The Salina Journal from Salina, Kansas on April 20, 2001 · Page 4
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The Salina Journal from Salina, Kansas · Page 4

Salina, Kansas
Issue Date:
Friday, April 20, 2001
Page 4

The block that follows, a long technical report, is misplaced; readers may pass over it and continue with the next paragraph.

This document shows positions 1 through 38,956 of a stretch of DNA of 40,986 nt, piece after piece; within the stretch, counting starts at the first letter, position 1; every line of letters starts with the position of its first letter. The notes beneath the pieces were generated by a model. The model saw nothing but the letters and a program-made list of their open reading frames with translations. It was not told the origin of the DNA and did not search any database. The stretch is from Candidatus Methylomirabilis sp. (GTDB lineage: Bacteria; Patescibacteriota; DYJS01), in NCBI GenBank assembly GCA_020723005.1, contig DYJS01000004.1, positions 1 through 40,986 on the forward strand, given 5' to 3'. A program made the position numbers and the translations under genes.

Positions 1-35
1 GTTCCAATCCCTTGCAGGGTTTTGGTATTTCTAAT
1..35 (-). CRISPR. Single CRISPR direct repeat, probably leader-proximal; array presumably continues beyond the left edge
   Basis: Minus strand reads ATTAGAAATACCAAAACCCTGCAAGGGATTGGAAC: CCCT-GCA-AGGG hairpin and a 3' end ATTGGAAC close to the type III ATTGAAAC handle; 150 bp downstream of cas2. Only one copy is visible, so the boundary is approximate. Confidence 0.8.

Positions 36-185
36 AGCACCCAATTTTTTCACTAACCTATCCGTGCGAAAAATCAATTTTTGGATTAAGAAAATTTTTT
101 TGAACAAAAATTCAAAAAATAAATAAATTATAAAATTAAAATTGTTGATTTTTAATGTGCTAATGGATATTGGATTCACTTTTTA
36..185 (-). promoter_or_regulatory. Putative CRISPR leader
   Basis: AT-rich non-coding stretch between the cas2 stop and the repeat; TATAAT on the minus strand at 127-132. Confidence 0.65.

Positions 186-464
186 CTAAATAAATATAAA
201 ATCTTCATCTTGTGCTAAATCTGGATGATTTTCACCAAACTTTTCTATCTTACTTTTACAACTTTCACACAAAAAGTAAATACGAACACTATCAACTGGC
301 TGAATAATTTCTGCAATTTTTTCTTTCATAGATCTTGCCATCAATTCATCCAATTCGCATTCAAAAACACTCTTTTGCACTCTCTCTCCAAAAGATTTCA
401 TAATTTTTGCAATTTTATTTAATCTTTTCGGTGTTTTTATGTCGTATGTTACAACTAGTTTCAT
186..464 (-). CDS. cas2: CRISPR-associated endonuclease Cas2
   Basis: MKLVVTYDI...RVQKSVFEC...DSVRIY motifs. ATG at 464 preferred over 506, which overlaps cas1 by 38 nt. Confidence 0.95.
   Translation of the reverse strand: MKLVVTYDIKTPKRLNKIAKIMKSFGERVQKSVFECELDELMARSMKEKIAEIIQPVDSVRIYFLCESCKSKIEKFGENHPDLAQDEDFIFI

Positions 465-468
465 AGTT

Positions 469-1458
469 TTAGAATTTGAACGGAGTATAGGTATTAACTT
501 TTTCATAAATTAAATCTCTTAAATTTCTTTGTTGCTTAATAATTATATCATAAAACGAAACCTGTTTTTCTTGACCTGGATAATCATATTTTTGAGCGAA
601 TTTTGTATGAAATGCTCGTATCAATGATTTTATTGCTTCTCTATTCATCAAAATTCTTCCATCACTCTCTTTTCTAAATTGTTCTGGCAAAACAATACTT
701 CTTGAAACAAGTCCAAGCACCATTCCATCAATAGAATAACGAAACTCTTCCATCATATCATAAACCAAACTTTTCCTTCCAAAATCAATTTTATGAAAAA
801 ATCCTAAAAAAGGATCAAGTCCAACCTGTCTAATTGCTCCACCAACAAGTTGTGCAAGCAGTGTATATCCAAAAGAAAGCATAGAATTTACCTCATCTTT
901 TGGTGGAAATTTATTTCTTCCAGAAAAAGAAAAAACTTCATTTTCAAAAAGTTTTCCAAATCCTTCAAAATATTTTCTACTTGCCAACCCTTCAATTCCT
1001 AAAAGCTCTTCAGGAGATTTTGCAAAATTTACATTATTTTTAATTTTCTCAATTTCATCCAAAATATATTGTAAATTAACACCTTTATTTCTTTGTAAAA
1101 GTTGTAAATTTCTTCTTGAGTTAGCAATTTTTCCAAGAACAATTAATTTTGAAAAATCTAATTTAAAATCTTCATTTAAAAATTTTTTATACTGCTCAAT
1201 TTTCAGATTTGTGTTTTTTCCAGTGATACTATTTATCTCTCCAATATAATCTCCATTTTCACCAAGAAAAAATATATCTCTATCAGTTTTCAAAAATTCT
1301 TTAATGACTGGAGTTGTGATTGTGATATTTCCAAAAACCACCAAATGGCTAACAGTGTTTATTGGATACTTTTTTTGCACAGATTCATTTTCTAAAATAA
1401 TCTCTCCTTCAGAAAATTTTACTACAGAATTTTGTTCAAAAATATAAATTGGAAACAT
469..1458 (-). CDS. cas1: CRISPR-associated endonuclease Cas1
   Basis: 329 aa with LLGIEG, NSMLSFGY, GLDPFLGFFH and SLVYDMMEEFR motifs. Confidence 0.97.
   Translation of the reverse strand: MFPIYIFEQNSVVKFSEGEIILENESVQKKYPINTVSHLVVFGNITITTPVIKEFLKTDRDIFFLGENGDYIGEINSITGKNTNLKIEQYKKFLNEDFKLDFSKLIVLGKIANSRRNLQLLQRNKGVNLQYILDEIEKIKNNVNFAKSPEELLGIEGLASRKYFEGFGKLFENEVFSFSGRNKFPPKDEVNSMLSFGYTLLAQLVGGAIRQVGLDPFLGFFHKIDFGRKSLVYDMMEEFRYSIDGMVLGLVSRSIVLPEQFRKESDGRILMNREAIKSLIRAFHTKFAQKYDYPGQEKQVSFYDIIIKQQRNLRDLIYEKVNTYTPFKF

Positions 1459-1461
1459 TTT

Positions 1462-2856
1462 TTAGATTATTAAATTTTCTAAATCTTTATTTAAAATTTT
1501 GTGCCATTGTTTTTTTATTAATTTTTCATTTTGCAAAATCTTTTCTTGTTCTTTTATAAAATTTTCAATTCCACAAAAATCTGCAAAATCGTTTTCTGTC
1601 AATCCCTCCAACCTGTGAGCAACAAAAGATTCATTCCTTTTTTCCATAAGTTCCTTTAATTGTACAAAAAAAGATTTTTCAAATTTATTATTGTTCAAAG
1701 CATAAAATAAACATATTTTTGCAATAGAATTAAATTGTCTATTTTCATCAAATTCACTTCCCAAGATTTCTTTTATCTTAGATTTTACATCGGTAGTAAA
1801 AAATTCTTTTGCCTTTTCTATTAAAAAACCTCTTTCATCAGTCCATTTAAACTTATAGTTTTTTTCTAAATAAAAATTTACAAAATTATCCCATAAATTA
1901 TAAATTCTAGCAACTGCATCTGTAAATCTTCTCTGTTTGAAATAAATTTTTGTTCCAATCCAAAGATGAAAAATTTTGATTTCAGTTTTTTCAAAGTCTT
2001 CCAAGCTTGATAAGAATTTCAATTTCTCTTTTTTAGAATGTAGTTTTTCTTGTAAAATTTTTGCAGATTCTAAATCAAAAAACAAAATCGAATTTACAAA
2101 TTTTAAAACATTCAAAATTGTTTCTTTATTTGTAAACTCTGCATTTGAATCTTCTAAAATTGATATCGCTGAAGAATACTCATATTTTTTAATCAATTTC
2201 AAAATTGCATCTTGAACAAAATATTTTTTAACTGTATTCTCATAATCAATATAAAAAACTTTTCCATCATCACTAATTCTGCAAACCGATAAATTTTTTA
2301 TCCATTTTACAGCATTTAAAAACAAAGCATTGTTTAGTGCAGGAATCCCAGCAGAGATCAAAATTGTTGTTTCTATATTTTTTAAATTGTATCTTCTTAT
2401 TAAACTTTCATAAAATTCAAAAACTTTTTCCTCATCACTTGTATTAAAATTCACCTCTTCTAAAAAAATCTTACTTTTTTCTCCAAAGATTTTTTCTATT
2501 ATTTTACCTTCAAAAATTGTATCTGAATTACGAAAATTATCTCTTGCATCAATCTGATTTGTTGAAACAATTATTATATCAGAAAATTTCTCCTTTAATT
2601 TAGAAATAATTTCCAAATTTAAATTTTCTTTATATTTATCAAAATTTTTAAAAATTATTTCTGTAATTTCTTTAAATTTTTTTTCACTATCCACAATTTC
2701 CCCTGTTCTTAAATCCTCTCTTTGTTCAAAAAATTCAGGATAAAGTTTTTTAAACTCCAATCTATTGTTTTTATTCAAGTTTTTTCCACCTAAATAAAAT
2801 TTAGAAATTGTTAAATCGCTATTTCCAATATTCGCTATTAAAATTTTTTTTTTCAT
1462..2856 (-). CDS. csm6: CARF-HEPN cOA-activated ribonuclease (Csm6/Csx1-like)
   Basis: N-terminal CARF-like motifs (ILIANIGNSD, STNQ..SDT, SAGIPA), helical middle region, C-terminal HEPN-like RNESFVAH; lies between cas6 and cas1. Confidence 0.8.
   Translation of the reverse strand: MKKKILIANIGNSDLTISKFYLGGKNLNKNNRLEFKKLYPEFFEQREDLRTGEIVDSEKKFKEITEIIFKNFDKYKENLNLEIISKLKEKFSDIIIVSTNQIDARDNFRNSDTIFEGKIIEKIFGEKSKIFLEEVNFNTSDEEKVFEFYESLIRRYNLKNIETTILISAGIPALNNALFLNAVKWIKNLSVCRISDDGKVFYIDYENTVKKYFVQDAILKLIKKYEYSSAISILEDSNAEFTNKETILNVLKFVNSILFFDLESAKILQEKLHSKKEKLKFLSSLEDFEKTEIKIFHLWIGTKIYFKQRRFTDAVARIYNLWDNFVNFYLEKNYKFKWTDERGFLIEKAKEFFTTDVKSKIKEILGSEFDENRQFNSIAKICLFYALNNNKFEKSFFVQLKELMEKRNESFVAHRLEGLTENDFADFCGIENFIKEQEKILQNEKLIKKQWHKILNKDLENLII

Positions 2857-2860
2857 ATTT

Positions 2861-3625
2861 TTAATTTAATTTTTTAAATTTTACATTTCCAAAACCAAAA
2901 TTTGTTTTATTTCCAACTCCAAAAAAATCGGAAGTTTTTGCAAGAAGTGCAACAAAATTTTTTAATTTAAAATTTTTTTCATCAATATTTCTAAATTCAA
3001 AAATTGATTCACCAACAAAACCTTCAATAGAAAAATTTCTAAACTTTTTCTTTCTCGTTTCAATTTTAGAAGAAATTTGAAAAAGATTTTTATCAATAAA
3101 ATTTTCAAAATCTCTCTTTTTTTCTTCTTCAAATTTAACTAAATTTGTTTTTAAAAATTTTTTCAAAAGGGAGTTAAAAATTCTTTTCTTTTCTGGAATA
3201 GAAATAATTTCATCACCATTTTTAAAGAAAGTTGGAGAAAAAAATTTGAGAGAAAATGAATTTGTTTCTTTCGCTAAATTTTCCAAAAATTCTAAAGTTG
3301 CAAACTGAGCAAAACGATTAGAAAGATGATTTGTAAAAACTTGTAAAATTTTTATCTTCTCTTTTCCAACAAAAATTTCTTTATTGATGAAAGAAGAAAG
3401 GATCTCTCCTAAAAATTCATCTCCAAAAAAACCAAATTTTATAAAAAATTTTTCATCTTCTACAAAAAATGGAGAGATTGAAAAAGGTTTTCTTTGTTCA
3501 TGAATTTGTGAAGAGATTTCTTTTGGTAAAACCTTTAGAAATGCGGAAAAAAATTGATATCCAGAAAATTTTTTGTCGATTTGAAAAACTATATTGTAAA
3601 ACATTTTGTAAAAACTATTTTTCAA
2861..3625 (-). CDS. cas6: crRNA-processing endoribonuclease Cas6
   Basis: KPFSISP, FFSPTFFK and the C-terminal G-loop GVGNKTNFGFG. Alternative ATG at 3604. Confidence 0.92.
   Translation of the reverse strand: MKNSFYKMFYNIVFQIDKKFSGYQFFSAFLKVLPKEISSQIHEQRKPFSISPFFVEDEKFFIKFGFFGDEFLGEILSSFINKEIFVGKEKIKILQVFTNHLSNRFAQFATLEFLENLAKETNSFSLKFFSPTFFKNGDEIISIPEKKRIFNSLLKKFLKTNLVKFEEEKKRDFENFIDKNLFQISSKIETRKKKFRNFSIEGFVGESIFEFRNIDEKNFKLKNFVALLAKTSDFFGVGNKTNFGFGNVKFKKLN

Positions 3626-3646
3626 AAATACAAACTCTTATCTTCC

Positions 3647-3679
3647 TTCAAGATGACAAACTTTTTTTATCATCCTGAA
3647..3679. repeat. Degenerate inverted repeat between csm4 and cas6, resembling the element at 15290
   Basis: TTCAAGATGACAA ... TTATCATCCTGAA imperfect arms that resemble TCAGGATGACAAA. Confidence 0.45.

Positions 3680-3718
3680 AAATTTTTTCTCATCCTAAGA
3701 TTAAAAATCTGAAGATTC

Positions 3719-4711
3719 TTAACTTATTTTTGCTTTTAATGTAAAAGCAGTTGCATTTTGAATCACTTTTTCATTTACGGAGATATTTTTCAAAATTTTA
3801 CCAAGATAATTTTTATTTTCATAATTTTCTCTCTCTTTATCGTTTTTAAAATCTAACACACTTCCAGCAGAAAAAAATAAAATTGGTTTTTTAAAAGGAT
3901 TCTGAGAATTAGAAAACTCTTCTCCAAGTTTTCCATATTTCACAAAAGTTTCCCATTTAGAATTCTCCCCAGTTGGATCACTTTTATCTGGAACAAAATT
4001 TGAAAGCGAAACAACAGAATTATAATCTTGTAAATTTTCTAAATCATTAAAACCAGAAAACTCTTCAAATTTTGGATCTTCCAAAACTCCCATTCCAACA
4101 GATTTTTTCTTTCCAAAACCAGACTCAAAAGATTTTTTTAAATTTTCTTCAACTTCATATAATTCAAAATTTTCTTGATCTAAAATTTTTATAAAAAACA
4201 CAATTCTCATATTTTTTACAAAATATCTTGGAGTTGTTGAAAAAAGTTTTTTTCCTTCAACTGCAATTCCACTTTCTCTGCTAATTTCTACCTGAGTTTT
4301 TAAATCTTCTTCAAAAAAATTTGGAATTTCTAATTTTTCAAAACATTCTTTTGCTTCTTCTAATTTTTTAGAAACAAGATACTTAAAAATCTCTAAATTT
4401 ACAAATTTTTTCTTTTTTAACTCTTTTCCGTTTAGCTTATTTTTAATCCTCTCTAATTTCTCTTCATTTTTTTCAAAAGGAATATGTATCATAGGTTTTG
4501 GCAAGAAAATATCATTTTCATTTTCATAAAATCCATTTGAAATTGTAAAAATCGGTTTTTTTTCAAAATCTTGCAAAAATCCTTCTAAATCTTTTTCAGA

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M FRIDAY, APRIL 20, 2001 NATION THE SAUNA JOURNAL T E. COLI Thousands exposed to E. Goli Farm animal exhibits believed to be harboring bacteria By ERIN McCLAM The Associated Press ATLANTA — Thousands of children are being exposed to dangerous E. coli bacteria at petting zoos and county fairs, the government said Thursday in releasing new warnings about farm animal exhibits. The Centers for Disease Control and Prevention cited E. coli outbreaks last year that sickened 56 people, including dozens of children, at a dairy farm in Pennsylvania and a petting zoo in Washington state. The children touched goats, cows, chickens and other farfti animals, then put their hands to their imouths — either by eating and drinking near the animals or by chewing their fingernails or sucking on pacifiers. The CDC issued new guidelines for open animal exhibits, stressing that organizers should provide more adequate hand-washing facilities and ban hand-to-mouth contact close to the animals. "A lot of people go to these things," CDC epidemiologist John Crump said. "There are people who are more susceptible to getting more serious illness, and those people are children." In Pennsylvania, 51 people — mostly children — became sick from E. coli last fall after visiting a dairy farm where the public can touch the animals. The CDC said sinks for washing were out of children's reach. Last spring, four people became sick at the Washington petting zoo. A fifth was sickened after a sibling visited the zoo. Nineteen of the 56 people were hospitalized. Symptoms of E. coli infection include fever, vomiting and severe diarrhea. At the Pennsylvania farm — Merrymead Farm of Lansdale — owners are installing double fencing around animals and adding washing stations, spokesman Steve Quigley said. But Quigley said concern should not be limited to animal farms and petting zoos. "What happens when your neighbor wanders over and the child pets your dog without knowing it?" he said. "It's a national problem." Never Sets" Year End School Parties Family & Class Reunions Church Youth Groups T SPACE SHUTTLE ENDEAVOUR Blastoff! Endeavour crew to work on space station By MARCIA DUNN The Associated Press CAPE CANAVERAL, Fla. — Space shuttle Endeavour thundered into orbit Thursday, carrying seven astronauts on a mission to install a massive billion-dollar robot arm on the international space station. Endeavour lifted off at 1:40 p.m., right on time. "Good luck and have fun on the international space station," launch director Mike Leinbach told the astronauts. It was a fine day for flying and not just because of the good weather Thursday marked the 30th anniversary of the launch of the world's first space station, the Soviet Union's Salyut 1. The difference between then and now was especially striking, given the composition of Endeavour's crew. The astronauts come from four countries, making this the most internationally diverse space crew ever. "Ciao, Italia!" Italian astronaut Umberto Guidoni shouted to well-wishers on his way to the shuttle. Also represented on the crew: Canada, Russia and the United States. About 20,000 guests from around the world jammed in- The Associated Press Space shuttle Endeavour heads for orbit after lifting off Thursday at the Kennedy Space Center in Cape Canaveral, Fla. to Kennedy Space Center for the launch, drawn by not only the international shuttle crew but the convenient liftoff time and the Easter holiday break. The space station was soaring over the Indian Ocean, near the Maldives, when Endeavour bolted off its launch pad and punched through clouds. The shuttle will catch up with the station on Saturday This will be the most complicated robotics mission ever attempted in space. The shuttle's own 50-foot robot arm will be used to hook up the even bigger and fancier space station arm. The work will require two creWs — one in the shuttle and one in the station — and at least two spacewalks next week. The grand finale will come when the two jointed arms exchange a packing crate. With a hand on each end, the 58-foot robot arm is capable of moving across the space station like an inchworm. "It's a monstrous self-propelled vehicle of its own," said Chris Hadfield, a Canadian astronaut who will unfold his country's space station contribution once it's attached. The robot arm is so long and so massive — more than 3,600 pounds — that it had to be double-folded and held in place aboard Endeavour with 4-foot bolts. Four of the astronauts are trained to operate Endeavour's robot arm, which will be used not only for installing the station arm but for attaching an Italian-built cargo carrier named Raffaello during the 11-day mission. INTERNET TWINS Disputed twins return to biological parents 10-month-olds spent most of lives away from natural parents By JOE STANGE The Associated Press ST. LOUIS — The "Internet Twins" are back in Missouri after spending most of their lives away from their natural parents. What was once an international custody dispute is now the home-grown kind. Bill Meehan, a lawyer for mother Tranda Wecker, said she and her estranged husband, Aaron, should soon be able to see the nearly 10-month- old twins. Under the supervision of St. Louis Family Court and Missouri family services officials, the Weckers will begin a "re­ unification process," Meehan told CNN. The Weckers "will get a checklist of things to do and when they typically meet those types of things, the twins will be gradually reunited with the family," he said. The twins, named Kiara and Keyara Wecker at birth, returned to St. Louis Wednesday accompanied by three British social workers, said officials in Flintshire County Wales, which previously had custody Meehan said the arrival had been kept a secret "because we didn't want any kind of scene at the airport." The twins were placed in the custody of Missouri welfare officials. "We're probably never going be told who the foster parents are, because they want these children shielded," he said. Ceter 825-8124 115 W. Woodland In north Salina Just off Santa Fe PRINTING COMPANV, INC. Male strippers face charges Pool & Spa By JENNIFER FITZENBERGER The Fresrio Bee VISALIA. Calif. — Two male strippers allegedly performed criminal sexual acts on at least five teen-age girls during a surprise birthday party thrown by a foster mother, Visalia police said. Jake Telamo, 35, was arrested Tuesday and booked on charges of performing a lewd act on a child, having unlawful sex with a minor and sexual battery Telamo is being held in lieu of $30,000 bail. Police are searching for the second male stripper. The alleged victims were party guests who ranged in age from 15 to 18, police Sgt. Michele Figueroa said. Two foster children, ages 15 and 17, have been removed from the home and placed with Child Protective Services. The foster children were not victims, Figueroa said. The foster-mother, Rachelle Romano, 24, threw the party Friday night for the 17-year-old. She gave alcohol to several teen-age guests and hired the strippers, Figueroa said. Romano has been a licensed foster-care parent since August, said Ken Jensen, deputy director of Child Welfare Services in Tulare County Romano, licensed with Tulare County Health and Human Services. SERVICE 823-7512 Ask Me For A Free Hearing Tesf ^aUDIBEL Hearing Aids Ab-EARiN_Ci Alan Grigsby 26 Years Experience HcnllhCarc Associates^ 827-8911 1-800-448-0215 234 S. Santa Fc Salina, KS X Date: Saturday, April 21, 2001 Hours: 9:00 A.M. - 3:30 P.M. Location: Sterl Hall '601 N. Rogers, Abilene KS (Ehenhoiuer Park) Admission: $1.50 Age 12 and up, under 12 free with Sponsored by: Dickinson County Historical Society All S. Campbell Abilene, KS 67410 « 913-263-2681 HERITAGE CENTER New Museum Logo Mugs & T'Shirts iSloic 211 West Iron Open Tuesday-Friday 12-5, Saturday 10-5 & Sunday 1-5 Sport Banquet Meetings "«nt«" Employee Parties l (i34 Stmamvi ;r l .Vme • 7X5-S27 i)0'l( Fri.i*; Sal. lOa.m - 11 IMii.. Sim 1 n iii lilnm Custom Design &: Jewelry Repair Est. 1884 w e L C R s Fine Credit Jewelers B's the little things that matter. 123 N. Santa Fe / 825-0531 Train here for the biggest race of them all. The Human one. Sponsored by: aritics ""Salina Journal YWCA Naf ional Day of Commitment to Eliminate Racism Friday, April 27, 11:30-1:00 YWCA Racism Study Circle and Luncheon Luncheon cost $5.00 per person. Call the YWCA for reservations at 825-4626. Race Against Racism Saturday, April 28 8:00 a.m. 5 Mile Competition Race 2 Mile March Bill Burke Park, Salina The Difference is in the " " 651 E. Prescott YWCA 67401 '^The Salina Journal played a huge part in the success of our sakr llllieopre tpld us they saw our ad in the paper. It was so successful, we're thinlang of havirig another sale real sooilT' Carpet Central I33 E, Vrespo^ Rd, Salina • 827-8755 :Eom0^m'^ 9:Q0 aum. 5:3i>fp.m, / Thure, open ^'7:00 pm. / Sat. 9:00 - 2:00 p.m.